Company Culture

Expanding the open finance talent pool through inclusive language

Last year I had the privilege of attending the University of Oxford to study an MBA. It was a magical and enriching experience as I engaged with over 300 people of 65 different nationalities and from all sorts of backgrounds. What has really struck me, though, is that of all 300 of us that took part in the programme with the specific intention to discover new opportunities and accelerate our careers, there are only two of us now in the open finance industry.

Part of why we as open finance professionals get so excited about the industry is because we know how vast the potential is to add real value to people’s lives. We also understand how important cross-sector collaboration is in realising this potential. 

But, if this is to be achieved, we’re going to have to attract people with different backgrounds to the industry. So… how do we expand the talent pool?

As an industry, we have been fortunate to have a group of extremely smart and experienced payments professionals pioneer open finance. However, as brilliant as they are, we sometimes find that years of payments-specific terminology and a deep understanding of the ecosystem results in a conversation that is hard to follow, engage with or contribute to for outsiders. Having been asked a number of times over the last few months what I do, and often been met with somewhat perplexed stares when I respond with “I work in open finance”, I have first-hand experience of the lack of inherent inclusivity the space perpetuates. 

It becomes a lot easier to explain what open finance means when I drop the terminology and use examples. Instead of talking about ASPSPs, it’s a lot more relatable to talk about a bank. Instead of referring to PSUs and TPPs or PISPs, the content becomes more accessible when I speak of users and apps.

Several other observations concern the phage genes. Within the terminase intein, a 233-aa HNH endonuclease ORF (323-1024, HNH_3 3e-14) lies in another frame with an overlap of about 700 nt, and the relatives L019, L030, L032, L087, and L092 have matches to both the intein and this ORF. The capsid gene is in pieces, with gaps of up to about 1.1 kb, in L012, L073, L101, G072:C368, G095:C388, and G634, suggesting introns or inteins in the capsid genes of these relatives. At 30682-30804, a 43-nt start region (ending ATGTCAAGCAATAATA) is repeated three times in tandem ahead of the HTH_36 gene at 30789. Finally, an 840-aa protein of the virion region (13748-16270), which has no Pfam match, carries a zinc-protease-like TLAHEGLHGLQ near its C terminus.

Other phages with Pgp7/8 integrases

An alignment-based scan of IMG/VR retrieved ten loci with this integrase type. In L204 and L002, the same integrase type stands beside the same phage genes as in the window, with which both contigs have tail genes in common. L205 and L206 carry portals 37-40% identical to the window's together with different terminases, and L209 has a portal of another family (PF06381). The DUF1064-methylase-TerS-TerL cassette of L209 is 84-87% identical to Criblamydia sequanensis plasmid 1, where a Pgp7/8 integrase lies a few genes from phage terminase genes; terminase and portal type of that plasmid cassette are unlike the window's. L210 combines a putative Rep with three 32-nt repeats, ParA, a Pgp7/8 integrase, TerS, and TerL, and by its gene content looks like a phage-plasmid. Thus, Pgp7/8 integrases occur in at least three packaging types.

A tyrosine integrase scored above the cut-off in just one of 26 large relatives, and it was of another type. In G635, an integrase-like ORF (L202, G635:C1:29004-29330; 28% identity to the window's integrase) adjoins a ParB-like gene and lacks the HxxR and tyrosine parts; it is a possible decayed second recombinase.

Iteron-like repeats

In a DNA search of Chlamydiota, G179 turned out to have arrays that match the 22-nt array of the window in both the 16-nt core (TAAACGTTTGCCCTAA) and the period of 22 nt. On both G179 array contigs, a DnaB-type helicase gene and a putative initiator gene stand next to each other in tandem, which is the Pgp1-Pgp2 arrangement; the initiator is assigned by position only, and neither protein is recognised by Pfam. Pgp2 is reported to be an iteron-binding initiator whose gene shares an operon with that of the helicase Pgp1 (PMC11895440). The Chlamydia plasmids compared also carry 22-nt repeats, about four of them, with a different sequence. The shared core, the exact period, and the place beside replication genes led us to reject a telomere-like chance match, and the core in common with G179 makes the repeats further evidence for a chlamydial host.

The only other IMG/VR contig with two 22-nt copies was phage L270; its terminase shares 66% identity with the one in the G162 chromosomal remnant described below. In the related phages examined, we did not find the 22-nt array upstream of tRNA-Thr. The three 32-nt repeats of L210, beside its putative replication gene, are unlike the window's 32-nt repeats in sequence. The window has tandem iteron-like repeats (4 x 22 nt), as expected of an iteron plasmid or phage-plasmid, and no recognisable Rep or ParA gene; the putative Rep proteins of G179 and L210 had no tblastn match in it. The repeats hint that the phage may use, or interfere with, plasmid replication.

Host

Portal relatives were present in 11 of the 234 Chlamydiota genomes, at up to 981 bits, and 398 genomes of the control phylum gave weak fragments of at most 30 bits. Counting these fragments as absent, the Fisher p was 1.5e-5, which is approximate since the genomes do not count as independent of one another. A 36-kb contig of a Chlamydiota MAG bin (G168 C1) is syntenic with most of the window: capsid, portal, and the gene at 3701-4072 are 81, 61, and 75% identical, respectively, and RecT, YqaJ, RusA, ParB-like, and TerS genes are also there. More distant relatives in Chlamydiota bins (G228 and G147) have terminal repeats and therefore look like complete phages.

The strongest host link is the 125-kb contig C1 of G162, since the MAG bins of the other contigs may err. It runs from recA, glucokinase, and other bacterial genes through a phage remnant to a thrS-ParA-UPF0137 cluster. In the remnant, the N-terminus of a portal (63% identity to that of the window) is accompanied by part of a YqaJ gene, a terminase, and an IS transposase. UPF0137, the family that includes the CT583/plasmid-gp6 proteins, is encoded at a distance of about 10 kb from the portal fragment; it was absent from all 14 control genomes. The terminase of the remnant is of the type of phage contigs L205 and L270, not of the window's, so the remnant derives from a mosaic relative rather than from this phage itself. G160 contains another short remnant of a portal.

Here’s a translation I used for my parents which, believe it or not, actually worked:

Translated from “Upon a PSU’s consent, an ASPSP is mandated to share that PSU’s data with third parties (AISPs/PISPs) via API, in order to better service the PSU”.

Translated to: “If I sign up for an app that allows me to link all my different accounts so that I can have a single view of my financial situation, banks now have to share my information with the app if I ask them to”.

All of a sudden, the value is understood.

The importance of this inclusive language and easy-to-understand example goes way beyond explaining to my parents what I do for a living. In fact, I believe inclusive language will become a core pillar in reaching the potential of cross-sector collaborations. 

If we want new talent solving problems in different ways, identifying new use cases and finding novel approaches to adding value to consumers and businesses alike, we need them to understand the value that open finance can have in the industries that they’re from.

Personally, I am on a mission to make open finance more accessible, relatable and understandable. And I now have the pleasure of doing so while also putting my knowledge into practice as I continue my career with Ozone API, a Fintech in the open finance space.

Explore open roles at Ozone API

Connect with Warren Handley on LinkedIn

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